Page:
Police departments across state cracking down on drivers who talk on cell phones or text while driving

As part of California’s first Distracted Driving Awareness Month in April, law enforcement in the state will be holding “zero tolerance” days for cell phone use and texting. A ticket for violating either the hands-free or no-texting law costs a minimum of $159, and subsequent tickets cost $279.
According to the Long Beach Police Department (LBPD), distracted driving is a serious traffic safety concern that puts everyone on the road at risk, joining speeding and alcohol as leading factors in fatal and serious injury crashes. As a result, law enforcement across the state, including the LBPD, is increasingly cracking down on cell phone use and texting. Throughout the month, LBPD will join over 225 local agencies plus 103 CHP Area Commands conducting zero-tolerance enforcements.
“Distracted driving can have significant repercussions,” said LBPD Chief Jim McDonnell. “People must understand that the consequences of distracted driving can be serious or even sometimes fatal.”
Drivers who use hand-held devices are four times as likely to get into crashes serious enough to injure themselves. Younger, inexperienced drivers under 20 years old have the highest proportion of distraction-related fatal crashes. In addition, studies show that texting while driving can delay a driver’s reaction time just as severely as having a blood-alcohol content of a legally drunk driver.
“We recognize that convincing drivers to refrain from using cell phones or texting while driving isn’t easy,” said Office of Traffic Safety Director Christopher J. Murphy. “It’s very difficult to resist the urge to check an incoming text or answer a cell phone call. That’s why we are stepping up enforcement and public-awareness efforts. Convincing California drivers to wear seat belts 20 years ago wasn’t easy either, but in 2010 more than 96 percent buckled up and thousands of lives were saved.”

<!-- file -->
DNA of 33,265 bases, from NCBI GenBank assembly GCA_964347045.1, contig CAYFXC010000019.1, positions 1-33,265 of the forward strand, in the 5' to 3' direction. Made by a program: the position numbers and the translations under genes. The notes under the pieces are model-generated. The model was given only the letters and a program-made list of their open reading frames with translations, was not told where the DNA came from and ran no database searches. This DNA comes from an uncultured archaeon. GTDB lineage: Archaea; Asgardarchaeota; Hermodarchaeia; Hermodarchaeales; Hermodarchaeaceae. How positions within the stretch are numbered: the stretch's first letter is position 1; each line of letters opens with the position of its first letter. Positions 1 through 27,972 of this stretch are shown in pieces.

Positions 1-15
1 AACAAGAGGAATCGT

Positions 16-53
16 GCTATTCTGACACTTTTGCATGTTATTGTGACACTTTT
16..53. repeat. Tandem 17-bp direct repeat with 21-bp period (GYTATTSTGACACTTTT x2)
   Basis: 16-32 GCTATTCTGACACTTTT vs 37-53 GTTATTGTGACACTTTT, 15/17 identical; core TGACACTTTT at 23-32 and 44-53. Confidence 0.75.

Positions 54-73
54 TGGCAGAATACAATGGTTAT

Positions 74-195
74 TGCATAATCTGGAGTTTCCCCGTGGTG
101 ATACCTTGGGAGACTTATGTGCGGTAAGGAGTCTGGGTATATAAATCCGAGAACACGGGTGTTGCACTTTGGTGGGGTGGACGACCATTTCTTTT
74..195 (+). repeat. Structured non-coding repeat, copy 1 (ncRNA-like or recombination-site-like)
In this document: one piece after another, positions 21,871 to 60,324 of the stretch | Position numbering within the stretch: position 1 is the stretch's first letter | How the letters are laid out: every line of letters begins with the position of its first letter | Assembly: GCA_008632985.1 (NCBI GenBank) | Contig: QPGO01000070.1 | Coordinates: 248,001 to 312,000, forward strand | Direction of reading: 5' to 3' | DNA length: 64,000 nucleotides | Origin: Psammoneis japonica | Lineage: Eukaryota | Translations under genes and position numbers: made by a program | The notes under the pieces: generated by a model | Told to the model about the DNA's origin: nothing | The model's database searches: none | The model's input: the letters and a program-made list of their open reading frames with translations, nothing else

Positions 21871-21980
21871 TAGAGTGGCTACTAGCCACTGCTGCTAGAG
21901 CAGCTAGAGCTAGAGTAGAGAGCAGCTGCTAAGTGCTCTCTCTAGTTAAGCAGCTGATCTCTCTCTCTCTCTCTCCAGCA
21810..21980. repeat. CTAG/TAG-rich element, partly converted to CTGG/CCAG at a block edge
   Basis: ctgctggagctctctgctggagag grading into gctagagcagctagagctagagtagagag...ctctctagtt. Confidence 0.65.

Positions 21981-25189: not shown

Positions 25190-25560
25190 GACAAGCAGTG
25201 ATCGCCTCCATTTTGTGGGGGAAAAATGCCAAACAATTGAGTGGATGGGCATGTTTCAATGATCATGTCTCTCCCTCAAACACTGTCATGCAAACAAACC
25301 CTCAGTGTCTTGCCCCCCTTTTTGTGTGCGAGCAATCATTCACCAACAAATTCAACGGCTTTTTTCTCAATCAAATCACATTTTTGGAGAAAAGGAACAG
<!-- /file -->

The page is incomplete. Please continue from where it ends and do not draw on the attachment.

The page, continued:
Studies show that there is no difference in the risks between hands-free and hand-held cell phone conversations, both of which can result in “inattention blindness” which occurs when the brain isn’t seeing what is clearly visible because the driver’s focus is on the phone conversation and not on the road.
There are simple measures drivers can take to minimize distractions in the vehicle:
• Turn your phone off or put it out of reach before starting the car.
• Alert callers that you are unable to take calls when driving by changing your voice message.
• Make it a point not to call or text anyone who may be driving. If you do need to make an important call or respond to a text message, pull over to a safe place to do so.
“We just want drivers to use some common sense when they’re behind the wheel and focus on driving,” Murphy said. “Think about the vast majority of calls and texts you send or receive everyday. Were any really worth a $159 ticket– or worse, a crash, injury or death? It’s just not worth it.”

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